How To Handle Spam Complaints
INTRODUCTION e U.S. Congress passed the CAN-SPAM Act of 2003 for implementation on January 1, 2004 to address the issue of unsolicited commercial e-mail (UCE) or spam. Since the act’s implementation, organizations have updated their e-mail marketing strategies to comply with the regulations. Consumer concern and attention on the proliferation of spam, despite the government’s passage of the CAN-SPAM act, has led to both legitimate and illegitimate complaints lodged against commercial e-marketers. Organizations using e-mail marketing as a part of their overall communications plan can utilize a variety of tactics to effectively manage and reduce spam complaints. e purpose of this paper is to: • Educate organizations and marketers on the basics of the CAN-SPAM act by weeding through the jargon and presenting the basics requirements. Marketers should understand and be qualified to discuss their organization’s compliance with service providers and other members of their staff and leadership. Define spam complaints and summarize the consequences of receiving them. Provide solutions and tips for organizations to reduce spam complaints. •
mislead the recipient about the contents or subject of the message. It requires that the e-mail gives recipients an opt-out method that must be available for 30 days aer the commercial message is sent. Aer receiving an opt-out request, the marketer has 10 days to comply. It is illegal for the marketer to sell or transfer the e-mail addresses of people who choose not to receive messages, even in the form of a mailing list, unless they transfer the addresses so another entity can comply with the law. Commercial e-mail must be identified as an advertisement and include the sender’s valid, physical postal address.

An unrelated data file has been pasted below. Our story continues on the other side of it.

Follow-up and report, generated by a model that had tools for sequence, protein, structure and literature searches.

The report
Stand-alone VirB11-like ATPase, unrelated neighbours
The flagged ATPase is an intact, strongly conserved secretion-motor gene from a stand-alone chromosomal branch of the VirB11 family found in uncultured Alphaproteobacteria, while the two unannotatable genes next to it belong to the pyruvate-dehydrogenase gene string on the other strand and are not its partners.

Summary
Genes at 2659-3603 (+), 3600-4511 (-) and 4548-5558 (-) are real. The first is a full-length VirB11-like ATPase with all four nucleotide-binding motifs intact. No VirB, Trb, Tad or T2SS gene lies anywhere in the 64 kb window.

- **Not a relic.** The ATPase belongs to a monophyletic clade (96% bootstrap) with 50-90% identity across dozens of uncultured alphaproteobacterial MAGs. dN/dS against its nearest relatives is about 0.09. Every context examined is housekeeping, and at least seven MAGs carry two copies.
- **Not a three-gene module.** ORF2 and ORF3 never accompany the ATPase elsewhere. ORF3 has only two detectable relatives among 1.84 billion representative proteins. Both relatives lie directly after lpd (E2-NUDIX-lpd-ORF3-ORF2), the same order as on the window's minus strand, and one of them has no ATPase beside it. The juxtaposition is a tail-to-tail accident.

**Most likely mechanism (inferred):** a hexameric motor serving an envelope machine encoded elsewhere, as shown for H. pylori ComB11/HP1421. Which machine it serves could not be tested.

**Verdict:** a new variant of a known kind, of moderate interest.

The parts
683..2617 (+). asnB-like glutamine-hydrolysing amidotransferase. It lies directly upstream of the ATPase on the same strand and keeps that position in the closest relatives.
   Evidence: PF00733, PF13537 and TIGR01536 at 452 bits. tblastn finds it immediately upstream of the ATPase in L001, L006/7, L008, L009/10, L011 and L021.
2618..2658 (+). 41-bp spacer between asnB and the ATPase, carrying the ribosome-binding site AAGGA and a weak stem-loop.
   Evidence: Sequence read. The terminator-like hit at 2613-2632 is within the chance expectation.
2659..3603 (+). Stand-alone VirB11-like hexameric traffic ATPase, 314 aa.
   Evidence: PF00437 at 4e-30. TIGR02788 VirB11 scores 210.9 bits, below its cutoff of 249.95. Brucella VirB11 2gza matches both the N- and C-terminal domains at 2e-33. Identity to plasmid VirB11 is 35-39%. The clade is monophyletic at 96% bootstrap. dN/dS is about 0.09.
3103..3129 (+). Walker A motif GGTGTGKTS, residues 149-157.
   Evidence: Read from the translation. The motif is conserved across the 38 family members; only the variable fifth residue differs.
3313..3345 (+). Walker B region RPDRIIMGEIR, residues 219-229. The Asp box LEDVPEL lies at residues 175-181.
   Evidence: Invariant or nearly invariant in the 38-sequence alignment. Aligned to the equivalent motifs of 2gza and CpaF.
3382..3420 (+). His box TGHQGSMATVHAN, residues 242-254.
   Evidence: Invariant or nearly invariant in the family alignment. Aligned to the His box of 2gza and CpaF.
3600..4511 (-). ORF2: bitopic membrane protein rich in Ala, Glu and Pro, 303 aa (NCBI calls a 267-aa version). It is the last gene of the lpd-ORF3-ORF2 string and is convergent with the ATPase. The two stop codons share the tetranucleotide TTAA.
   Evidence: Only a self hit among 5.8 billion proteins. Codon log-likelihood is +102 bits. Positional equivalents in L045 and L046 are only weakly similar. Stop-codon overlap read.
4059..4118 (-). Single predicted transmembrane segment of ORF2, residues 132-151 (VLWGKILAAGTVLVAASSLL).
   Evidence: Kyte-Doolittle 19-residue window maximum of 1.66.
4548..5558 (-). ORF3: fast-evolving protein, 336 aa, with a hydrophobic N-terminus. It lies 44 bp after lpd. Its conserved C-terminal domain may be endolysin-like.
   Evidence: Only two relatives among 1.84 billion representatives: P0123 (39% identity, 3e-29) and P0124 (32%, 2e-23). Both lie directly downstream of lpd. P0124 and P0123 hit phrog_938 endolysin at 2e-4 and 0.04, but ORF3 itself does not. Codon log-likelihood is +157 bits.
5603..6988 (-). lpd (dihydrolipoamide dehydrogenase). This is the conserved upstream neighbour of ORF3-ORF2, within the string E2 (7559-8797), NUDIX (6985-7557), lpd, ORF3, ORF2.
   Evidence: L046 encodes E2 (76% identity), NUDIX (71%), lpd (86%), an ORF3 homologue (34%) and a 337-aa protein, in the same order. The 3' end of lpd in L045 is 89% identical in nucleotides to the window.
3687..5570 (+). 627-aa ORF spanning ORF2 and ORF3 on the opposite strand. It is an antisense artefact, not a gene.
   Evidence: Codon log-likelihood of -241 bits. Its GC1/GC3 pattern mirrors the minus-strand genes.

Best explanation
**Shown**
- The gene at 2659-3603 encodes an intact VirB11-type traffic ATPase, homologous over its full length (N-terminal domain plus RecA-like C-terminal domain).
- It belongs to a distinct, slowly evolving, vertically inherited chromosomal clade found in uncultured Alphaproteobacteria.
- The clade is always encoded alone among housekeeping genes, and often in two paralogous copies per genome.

e FTC assesses fines for each violation of CAN-SPAM of up to $11,000. e Act also stipulates additional fines for commercial e-mailers that: • Harvest e-mail addresses from Web sites or Web services that have published a notice prohibiting the transfer of e-mail addresses for the purpose of sending email. “Harvesting” is defined as trolling Web sites to gather email addresses without permission. • Generate e-mail addresses using a “dictionary attack” – combining names, letters, or numbers into multiple permutations. Use of scripts or other automated ways to register for multiple e-mail or user accounts to send commercial e-mail. Relay of e-mails through a computer or network without permission – for example, by taking advantage of open relays or open proxies without authorization. An open relay is an SMTP email server that allows outsiders to relay email messages that are neither for nor from local users. is method is oen exploited by spammers and hackers. An open proxy is an Internet proxy server which is accessible by unauthorized users, specifically those from elsewhere on the internet.